The 24 hours following 5:30 pm on Thursday were unusually bad. Upon arriving home that day I had discovered that the burglars had been back and taken more treasured finds from my life. The trauma washed over me with the familiar feeling that the world was cruelly acting upon me again. I had no power to keep my home, my sanctuary, safe and protected from outside intrusion.
I wrestled with options of how to respond. How to find my power in the situation I hadn’t chosen but was forced to deal with immediately. Knowing that there was absolutely nothing I could do that would foolproof and prevent a determined criminal from doing what they chose. What bothered me, too, was that they always came while I was at work. And I had to work. Remaining home additional days was not an option. I was awake most of the night searching for answers.
Leaving for work Friday morning was hard. I looked around at the things I loved and had accumulated over a lifetime of travel and gifts. My fingers slid over a statue, caressed a scarf, and held earrings up to the light. How do I choose what comes with me knowing that I might never see the others again? The thieves might come back this morning, enter the house and take these milestones from my past. So many memories of people and places no longer a part of my present. My eyes embraced everything as I said a silent prayer that I would see them again.
Shortly after arriving at work, I was called upstairs to a meeting with my supervisor and an administrator. I was told that effective immediately, I was permanently laid off. My department and another were being dissolved due to budgetary necessities. In an instant I had become unemployed and had no income source. I was given the day to get my property physically out of the building and to tie up any loose ends before I lost my logins.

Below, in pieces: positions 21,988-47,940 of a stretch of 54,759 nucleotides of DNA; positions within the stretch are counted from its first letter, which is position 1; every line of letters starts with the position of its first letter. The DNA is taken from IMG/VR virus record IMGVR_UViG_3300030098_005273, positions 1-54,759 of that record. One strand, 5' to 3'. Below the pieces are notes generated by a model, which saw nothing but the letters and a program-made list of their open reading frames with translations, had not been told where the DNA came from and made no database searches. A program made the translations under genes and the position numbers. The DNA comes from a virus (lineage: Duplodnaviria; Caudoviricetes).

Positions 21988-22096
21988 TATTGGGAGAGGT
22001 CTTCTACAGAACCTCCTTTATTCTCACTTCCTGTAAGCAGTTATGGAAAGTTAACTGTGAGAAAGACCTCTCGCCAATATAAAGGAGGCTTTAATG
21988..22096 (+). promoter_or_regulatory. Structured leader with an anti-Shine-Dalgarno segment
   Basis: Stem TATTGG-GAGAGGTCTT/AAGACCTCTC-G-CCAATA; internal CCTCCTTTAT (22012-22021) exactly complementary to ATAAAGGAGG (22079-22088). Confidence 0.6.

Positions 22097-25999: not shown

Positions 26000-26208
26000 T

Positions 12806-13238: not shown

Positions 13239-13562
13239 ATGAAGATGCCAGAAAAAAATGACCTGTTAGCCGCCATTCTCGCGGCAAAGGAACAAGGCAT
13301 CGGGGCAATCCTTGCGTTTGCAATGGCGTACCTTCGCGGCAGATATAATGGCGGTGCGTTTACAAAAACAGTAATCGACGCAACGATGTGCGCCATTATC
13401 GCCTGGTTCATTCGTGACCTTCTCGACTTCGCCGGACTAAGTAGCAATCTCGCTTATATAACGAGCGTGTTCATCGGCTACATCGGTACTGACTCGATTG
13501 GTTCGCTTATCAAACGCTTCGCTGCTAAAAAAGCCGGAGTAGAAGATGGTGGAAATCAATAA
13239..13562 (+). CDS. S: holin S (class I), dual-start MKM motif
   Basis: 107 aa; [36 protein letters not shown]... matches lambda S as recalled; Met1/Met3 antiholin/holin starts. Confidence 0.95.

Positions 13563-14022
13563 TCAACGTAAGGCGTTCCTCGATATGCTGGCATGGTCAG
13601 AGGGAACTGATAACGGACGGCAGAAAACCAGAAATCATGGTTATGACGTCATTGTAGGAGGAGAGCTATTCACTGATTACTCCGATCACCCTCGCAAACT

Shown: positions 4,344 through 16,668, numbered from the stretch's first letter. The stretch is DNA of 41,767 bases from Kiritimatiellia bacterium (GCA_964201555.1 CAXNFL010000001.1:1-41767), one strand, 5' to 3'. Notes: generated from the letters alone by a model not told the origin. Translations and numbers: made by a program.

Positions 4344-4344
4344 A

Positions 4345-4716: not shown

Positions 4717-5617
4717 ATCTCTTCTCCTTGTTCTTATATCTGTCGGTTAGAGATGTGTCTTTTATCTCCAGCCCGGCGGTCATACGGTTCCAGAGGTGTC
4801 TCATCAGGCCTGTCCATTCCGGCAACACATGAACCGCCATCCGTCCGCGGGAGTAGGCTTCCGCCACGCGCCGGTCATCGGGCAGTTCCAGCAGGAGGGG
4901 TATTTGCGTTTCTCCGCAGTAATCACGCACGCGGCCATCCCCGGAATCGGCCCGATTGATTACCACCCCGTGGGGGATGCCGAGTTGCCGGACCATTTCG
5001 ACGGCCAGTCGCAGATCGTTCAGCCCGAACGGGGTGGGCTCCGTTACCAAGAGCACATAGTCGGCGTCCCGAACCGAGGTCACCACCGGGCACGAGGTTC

Exhausted and in shock, I located some empty boxes and began to pack up my office knowing that someone else may be packing up items in my home. This was an extensive job, in reality, as I had brought in many curiosities and comforts that made my work in the dark, cold basement as warm and relaxing as possible. Coworkers used to marvel at how nice my space was. This task gave me hours to reflect and to make plans.
As I packed, I began to work through the next steps. What I had to do to take care of myself, what support I could get and where and what my priorities were. Strangely, I wasn’t overwhelmed with panic. I knew I had just been knocked down repeatedly but I still had fight in me and I got back up, ready for more.
Since, I’ve identified my game plan for the next week. I’m clear in what I’m doing tomorrow. I see the events of Thursday/Friday as the giant push I was in need of to make major changes in my life. I see opportunity to create a new career for myself where I’m happier, recognized for my contributions and rewarded for them. This will allow me to find a better place to live. One that’s safe and secure and free from the drama and the repairs that haunt me at my present location.
All I see is opportunity. I’ve let go of what should have, or might have, been. That is my past and I have no power to change it. I can learn from it though and use it to clarify my vision of where I’m headed. I’ve survived much worse, after all. But then those are tales for another time.